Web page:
Stress – What is it and what can we do about it?
By Charles F. Glassman, MD – CoachMD
To be sure, you have heard that stress is not good for us; in fact, stress kills. What is stress, really?
Our Primitive Brain
All of us possess a brain, of course. However, in my work, I have discovered the true distinction between our mind and our brain—or what I call, the automatic brain. The mind is what allows us to reflect on things and contemplate ideas as religion or even quantum physics. Our automatic brain, on the other hand, is primitive and purely reactive and responds only to danger threat, or vulnerability. When it detects any of these situations, the switch is flipped on, and a flurry of electro-chemical discharges occurs. This brain is concrete, reactive, binary (either on or off), and only has one response—fight or flight. The result of this response comes from hormones and nerve impulses. And what we feel is stress.
Fight or Flight/Aggressive of Passive
Dangers for everyone are different, but the electrochemical discharge is the same. Fight or flight, too, can be different for people, but the result of stress is very similar and universally detrimental. Since this brain is automatic and many times operating below our level of awareness, I often recommend working backward in an attempt to “figure things out”. For example, when triggered and a fight/aggressive reaction occurs, you may find yourself angry, enraged, and hostile. Every single time you feel this way, it means that some danger triggered your automatic brain into a stress reaction, causing you to “fight”. When you feel this way, find out what might be the actual inciting event.
Often it is not what you think. If you get furious because a car cuts you off, for instance, is it really the other driver or is it the unexpected bill you just received from your son’s preschool? Aggressive or fight responses only result in further stress and never allow us to accurately measure the degree of danger. Similarly, the flight/passive response to some known or unknown danger does equal damage. Often this response is seen by avoidance, procrastination, and depression.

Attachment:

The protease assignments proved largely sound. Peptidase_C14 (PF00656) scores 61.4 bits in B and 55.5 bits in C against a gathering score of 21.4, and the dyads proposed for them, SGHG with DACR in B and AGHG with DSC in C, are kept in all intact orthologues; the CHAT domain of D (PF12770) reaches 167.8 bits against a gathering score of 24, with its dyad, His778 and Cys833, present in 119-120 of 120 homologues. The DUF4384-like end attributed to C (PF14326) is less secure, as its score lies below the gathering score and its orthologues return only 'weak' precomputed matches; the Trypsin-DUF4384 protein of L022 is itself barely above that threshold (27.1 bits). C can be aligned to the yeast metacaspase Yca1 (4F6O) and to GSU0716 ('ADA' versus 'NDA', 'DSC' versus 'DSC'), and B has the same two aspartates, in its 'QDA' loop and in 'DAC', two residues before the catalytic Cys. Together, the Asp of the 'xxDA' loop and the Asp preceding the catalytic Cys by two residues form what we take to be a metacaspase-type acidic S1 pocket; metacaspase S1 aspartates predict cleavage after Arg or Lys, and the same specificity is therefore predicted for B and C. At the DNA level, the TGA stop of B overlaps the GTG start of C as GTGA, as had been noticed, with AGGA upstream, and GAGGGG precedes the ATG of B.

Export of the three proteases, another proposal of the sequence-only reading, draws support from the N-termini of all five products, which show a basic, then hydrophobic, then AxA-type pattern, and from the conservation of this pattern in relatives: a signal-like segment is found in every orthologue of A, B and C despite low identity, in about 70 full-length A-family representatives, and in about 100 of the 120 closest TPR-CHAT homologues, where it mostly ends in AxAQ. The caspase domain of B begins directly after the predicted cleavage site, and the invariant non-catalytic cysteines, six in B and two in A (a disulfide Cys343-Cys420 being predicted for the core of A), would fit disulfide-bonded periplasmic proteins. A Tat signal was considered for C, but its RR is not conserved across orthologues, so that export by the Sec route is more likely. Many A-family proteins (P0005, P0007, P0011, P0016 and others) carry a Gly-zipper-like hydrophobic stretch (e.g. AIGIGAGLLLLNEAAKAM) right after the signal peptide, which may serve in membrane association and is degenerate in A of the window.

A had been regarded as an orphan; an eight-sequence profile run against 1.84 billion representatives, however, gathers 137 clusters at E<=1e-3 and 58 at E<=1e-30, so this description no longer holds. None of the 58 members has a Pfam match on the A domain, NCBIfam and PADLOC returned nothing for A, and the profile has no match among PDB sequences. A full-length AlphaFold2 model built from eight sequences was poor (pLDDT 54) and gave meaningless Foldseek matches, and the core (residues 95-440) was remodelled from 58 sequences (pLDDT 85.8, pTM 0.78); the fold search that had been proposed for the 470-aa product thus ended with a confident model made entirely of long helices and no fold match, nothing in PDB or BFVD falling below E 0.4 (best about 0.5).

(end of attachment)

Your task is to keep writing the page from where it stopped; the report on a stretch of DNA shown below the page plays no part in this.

Calm the Response
We all possess the ability to step back from a situation, using our mind. Very rarely are our dangers in the 21st century those in which we need the immediacy of the automatic fight or flight response. The first step when feeling the brunt of a stress response is to breathe. To get started, I usually recommend breathing in for a count of five and breathing out for a count of five. When you get good at this, the exhale is a count of ten or more.
The fight or flight response causes us to breath shallow and fast, thus preparing us for battle or escape. When we consciously slow down our breathing, it tempers the stress response and allows us to evaluate better the danger. By doing so, we can become assertive at dealing with the perceived danger, threat, or vulnerability and not react in a fight/aggressive or flight/passive manner.
Although stress is uncomfortable and not good for us, it does not have to be out of our control. Once we recognize what is happening, we can step back and gradually learn how to more effectively deal with real or perceived danger.
He is the author of the critically acclaimed book Brain Drain, which helps explain and fix self-sabotage. It is the winner of the 2011 Independent Publisher's Award and 2011 Eric Hoffer Award as the best Self-Help and Health book, 2010 Pinnacle Book Award for best Self-Help Book, and 2009 LA Book Festival Best Spirituality Book.
To new subscribers on his website, he is now offering his free, new EBook, Destiny Diet. Weekly, Dr. Glassman hosts Medicine on the Cutting Edge, which gives a voice to pioneers in medical research and development. Dr. Glassman lives with his family in Rockland County, NY.
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